Tennantite

Crystal System: Cubic
Status of Occurrence: Confirmed Occurrence
Distribution: Locally Abundant
Chemical Composition: Copper arsenic sulphide with highly variable amounts of iron, zinc and silver
Chemical Formula: (Cu,Fe,Zn,Ag)12As4S13
Method(s) of Verification: Dolyhir Quarry - XRD & EMPA; Capel Hermon - XRD; Great Orme - optical & EMPA; Parys Mountain - optical & EMPA

Chemical Group:

  • Sulphosalts

Geological Context:

  • Hydrothermal: Mississippi Valley Type veins
  • Hydrothermal: mesothermal polymetallic veins
  • Hydrothermal: volcanogenic massive sulphides
  • Hydrothermal: porphyry-type mineralization
Grey sulpheret of copper, containing arsenic from North Wales. Reproduced from Sowerby (1811).
Introduction: tennantite occurs in a wide variety of hydrothermal ore deposits, but is perhaps best known from porphyry-type copper deposits, where it may constitute an important ore mineral in association with chalcopyrite and bornite. It also occurs in hydrothermal veins, where it may be associated with a wide range of sulphides, in stratabound deposits and in skarn assemblages. It is less likely to be found in high-temperature ore deposits. Tennantite is difficult to distinguish from tetrahedrite to the untrained eye: it is slightly darker in colour than the latter mineral and thin slivers may show red internal reflections, but analysis is the only surefire way of identifying it positively.
Occurrence in Wales: although there are quite a few early references to 'fahl-ore' (an old general name for minerals of the tetrahedrite-tennantite series), at the Cystanog Mine in Carmarthenshire, specific localities for tennantite have only been noted relatively recently. Firstly by Wheatly (1971) from Parys Mountain and secondly from the Great Orme mines (Ixer & Stanley, 1996). At both of these localities it is a relatively minor phase: however, in the 1990s, tennantite was found in large amounts in veins at Dolyhir Quarry in the Welsh Borders (Bevins & Mason, 1997) and in lesser but still significant quantities during the clearing of an exposure of the porphyry-copper deposit in the Coed Y Brenin forest near Dolgellau.

Key Localities:

  • Capel Hermon, Coed y Brenin, Gwynedd: tennantite is an important constituent of the 'ore-zone' of the porphyry-copper deposit, which is exposed in a recently-cleared forest road cutting on the W bank of the Afon Wen 500 m S of Capel Hermon. It occurs, with chalcopyrite and bornite, in disseminations and as granular to microcrystalline aggregates, exceptionally up to 25 mm across, in sheared and highly altered diorite with carbonates and minor quartz, but is largely altered to tyrolite and malachite.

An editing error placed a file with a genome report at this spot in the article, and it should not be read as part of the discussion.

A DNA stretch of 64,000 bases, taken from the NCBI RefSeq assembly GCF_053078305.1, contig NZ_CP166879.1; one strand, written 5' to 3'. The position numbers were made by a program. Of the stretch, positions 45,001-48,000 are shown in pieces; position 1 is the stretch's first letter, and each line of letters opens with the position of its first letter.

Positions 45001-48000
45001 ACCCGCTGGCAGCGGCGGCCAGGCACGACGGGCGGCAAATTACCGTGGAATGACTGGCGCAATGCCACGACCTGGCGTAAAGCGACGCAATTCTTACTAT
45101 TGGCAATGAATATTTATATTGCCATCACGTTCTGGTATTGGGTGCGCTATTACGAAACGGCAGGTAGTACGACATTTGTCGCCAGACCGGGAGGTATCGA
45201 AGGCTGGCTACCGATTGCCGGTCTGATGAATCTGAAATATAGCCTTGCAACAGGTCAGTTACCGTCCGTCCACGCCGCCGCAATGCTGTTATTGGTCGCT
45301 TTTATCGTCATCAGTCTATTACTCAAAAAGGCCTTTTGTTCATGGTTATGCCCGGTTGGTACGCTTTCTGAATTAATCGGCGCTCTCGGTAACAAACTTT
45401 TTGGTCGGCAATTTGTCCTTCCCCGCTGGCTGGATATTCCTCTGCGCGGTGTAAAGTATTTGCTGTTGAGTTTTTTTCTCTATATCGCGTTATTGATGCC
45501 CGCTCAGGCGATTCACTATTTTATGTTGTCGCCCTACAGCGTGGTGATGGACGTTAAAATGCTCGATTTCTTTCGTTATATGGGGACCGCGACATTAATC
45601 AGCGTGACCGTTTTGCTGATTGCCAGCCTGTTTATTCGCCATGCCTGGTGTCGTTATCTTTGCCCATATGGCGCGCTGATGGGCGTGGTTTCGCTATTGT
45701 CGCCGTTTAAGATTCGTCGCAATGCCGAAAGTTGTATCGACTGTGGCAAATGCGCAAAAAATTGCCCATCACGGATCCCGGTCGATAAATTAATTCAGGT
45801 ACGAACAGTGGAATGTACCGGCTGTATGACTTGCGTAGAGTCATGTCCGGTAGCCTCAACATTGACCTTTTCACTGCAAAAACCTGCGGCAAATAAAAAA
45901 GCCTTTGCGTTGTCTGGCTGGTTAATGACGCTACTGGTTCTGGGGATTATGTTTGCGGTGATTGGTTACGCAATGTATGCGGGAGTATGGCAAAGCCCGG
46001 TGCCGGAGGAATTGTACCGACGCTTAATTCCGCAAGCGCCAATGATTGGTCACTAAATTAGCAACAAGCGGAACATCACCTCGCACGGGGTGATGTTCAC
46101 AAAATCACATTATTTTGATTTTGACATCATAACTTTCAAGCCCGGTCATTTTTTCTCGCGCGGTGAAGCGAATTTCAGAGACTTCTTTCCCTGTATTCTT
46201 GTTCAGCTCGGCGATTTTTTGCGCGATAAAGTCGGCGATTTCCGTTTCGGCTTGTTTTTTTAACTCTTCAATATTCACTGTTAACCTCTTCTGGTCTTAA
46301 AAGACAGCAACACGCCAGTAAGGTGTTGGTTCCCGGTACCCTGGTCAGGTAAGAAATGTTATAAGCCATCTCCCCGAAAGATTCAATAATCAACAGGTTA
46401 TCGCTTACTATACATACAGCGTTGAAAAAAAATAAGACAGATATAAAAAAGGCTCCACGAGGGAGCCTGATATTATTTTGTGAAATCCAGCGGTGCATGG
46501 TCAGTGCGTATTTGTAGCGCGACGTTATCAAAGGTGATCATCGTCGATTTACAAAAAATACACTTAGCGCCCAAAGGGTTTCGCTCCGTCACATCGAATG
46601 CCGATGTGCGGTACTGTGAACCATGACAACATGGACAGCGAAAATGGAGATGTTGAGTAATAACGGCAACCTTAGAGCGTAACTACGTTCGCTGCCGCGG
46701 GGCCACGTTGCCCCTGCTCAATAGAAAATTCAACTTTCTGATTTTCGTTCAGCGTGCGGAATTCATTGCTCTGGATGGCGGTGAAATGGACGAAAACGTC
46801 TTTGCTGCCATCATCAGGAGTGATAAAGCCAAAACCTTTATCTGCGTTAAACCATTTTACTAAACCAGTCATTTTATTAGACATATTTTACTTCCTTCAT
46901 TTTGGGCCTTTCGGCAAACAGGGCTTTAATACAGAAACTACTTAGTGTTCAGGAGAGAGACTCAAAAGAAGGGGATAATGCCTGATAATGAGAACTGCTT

• Dolyhir Quarry, Old Radnor, Powys: several small veins carrying tennantite have been exposed at this working quarry in recent years. The most significant of these was a rib of almost solid sulphide up to 0.3 m in thickness, which occurred close to the top of a massive reef limestone (of Wenlock age) and just below a capping shale bed (Bevins & Mason, 1997). In this occurrence, now removed, massive tennantite was intimately intergrown with barite, galena and subordinate chalcopyrite with minor enargite, rammelsbergite and greenockite. The detailed petrography of this mineral assemblage is ongoing.
  • Great Orme Copper Mines, Llandudno, Gwynedd: tennantite occurs in trace amounts in rare siegenite-bearing veinstone, associated with siegenite, gersdorffite and sphalerite as inclusions in chalcopyrite and galena in the 2-30 µm size range (Ixer & Stanley, 1996).
  • Parys Mountain, Anglesey: both tennantite and tetrahedrite are present here, the former more so, but neither are common. Tennantite forms veinlets in sphalerite, isolated anhedral grains to 400 µm and thin (20 µm) rims between grains of chalcopyrite, galena and sphalerite (Wheatley, 1971; Sivaprakash, 1977; Pointon & Ixer, 1980).

References:

  1. Bevins, R.E. & Mason, J.S., 1997. Welsh metallophyte and metallogenic evaluation project: Results of a minesite survey of Dyfed and Powys. CCW Contract Science Report No. 156. National Museums & Galleries of Wales.
  2. Ixer, R.A. & Stanley, C.J., 1996. Siegenite-bearing assemblages found at the Great Orme Mine, Llandudno, N. Wales. Mineralogical Magazine, 60, 978-982.
  3. Pointon, C.R. & Ixer, R.A., 1980. Parys Mountain mineral deposit, Anglesey, Wales: geology and ore mineralogy. Transactions of the Institution of Mining and Metallurgy (Section B: Applied earth science), 89, B143-B155.
  4. Sivaprakash, C., 1977. Geochemistry of some sulphides and sulphosalts from Parys Mountain, Anglesey. Unpublished M.Phil. thesis, University of Aston in Birmingham.
  5. Wheatley, C.J.V., 1971. Economic geology of the Avoca mineralised belt, S.E. Ireland, and Parys Mountain, Anglesey. Unpublished Ph.D. thesis, Imperial College, University of London.